Even harder than what might be considered harsh conditions for most teams is coming up with their team name. Last year, Bangers and Mash was listed among the men's teams and the Hot Flashes was the title of a women's squad, giving you an idea of the creative flair that goes into a team handle.

Then there's the never-ending quest to have the latest, greatest, hottest gear for the race. That simply wasn't the case in the early years of the PPP, but changed in the early 1980s.

The first key moment of change, and one that started the escalation of what would become the annual gear (arms) war, came when Fischer ski company technician John Alarie, fresh from working with World Cup racers, used a pair of 240-centimeter downhill racing skis in the alpine ski leg of the race. Alarie put such a gap on the field that the rest of his team barely broke a sweat while cruising to an effortless overall team win.

The next significant shift was when fast individuals and teams abandoned the use of canoes in favor of downriver kayaks to give them that extra edge. Now all manner of fast boats from surf skis to Olympic flat water racing kayaks are used. The next big techno jump was in the '90s when time trial bicycles with disc wheels and aero bars became the rage and a way to get those extra precious seconds on rivals. Then came a move to more downhill and Super G alpine skis. In fact, any piece of gear that was lightweight, most likely expensive and supposedly made you milliseconds faster.

"The race for the techiest gear is still going on," says Hutch's general manager Mike McMackin. "And trust me, it'll never end." This year, McMackin indicates it's all about big chain rings on bikes.

The bike and the ski legs of the race have evened out somewhat over the years as everyone got access to better gear and better at using it. While the run does separate teams, it's always been the paddle leg that's stymied many an individual and team competitor.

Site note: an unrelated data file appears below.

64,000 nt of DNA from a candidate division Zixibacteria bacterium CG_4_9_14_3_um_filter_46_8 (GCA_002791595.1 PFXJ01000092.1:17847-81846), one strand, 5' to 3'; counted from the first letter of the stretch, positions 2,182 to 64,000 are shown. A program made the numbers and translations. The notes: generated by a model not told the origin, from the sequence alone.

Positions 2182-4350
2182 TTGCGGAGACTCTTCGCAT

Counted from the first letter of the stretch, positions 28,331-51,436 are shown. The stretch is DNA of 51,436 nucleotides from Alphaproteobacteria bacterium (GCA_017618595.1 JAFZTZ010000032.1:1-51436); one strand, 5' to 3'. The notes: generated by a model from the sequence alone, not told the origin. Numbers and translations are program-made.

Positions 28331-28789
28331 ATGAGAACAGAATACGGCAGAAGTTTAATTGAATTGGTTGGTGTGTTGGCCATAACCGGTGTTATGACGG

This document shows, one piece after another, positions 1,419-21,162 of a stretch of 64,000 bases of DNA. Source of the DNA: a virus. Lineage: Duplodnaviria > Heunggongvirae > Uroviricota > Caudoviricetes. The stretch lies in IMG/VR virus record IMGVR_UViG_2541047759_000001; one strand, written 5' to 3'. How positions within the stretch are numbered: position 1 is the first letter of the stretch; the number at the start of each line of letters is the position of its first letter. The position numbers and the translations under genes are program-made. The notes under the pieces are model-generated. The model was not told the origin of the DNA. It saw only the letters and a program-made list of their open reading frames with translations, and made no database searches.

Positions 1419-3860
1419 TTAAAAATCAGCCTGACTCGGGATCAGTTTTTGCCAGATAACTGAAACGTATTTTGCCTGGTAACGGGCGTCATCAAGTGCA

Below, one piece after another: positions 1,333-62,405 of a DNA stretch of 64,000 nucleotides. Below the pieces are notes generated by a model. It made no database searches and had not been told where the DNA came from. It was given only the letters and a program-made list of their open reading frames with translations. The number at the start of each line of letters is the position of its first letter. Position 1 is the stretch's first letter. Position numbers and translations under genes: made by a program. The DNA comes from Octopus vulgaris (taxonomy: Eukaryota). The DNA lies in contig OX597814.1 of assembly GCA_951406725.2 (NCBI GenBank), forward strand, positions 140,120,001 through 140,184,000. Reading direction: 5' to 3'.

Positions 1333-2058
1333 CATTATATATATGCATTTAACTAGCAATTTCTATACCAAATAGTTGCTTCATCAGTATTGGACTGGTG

Easily the most famous example was the 1985 PPP when then U.S. Ski Team member and current Mt. Bachelor Ski and Education Foundation cross country program director Dan Simoneau arrived at the paddle leg of the individual competition way ahead of his nearest competitor. Simoneau jumped into his fast kayak, paddled and few strokes and dumped it. That was the beginning of several dumps followed by a swim to shore to dump the kayak and start all over again.

Simoneau faded from first to third. The next two years he trained for weeks in his kayak prior to the race and took home two individual titles.

This year, the race will more than likely see a few people swim during the paddle leg. But more than anything else it'll see a lot of people enjoying a post-PPP beer and reliving the race with their teammates and support crews. Because when all is said and done, the PPP is much more a bonding experience for Bend's active outdoor people than a competition. But don't be fooled. That beer goes down much easier when you're sipping from a coveted PPP mug.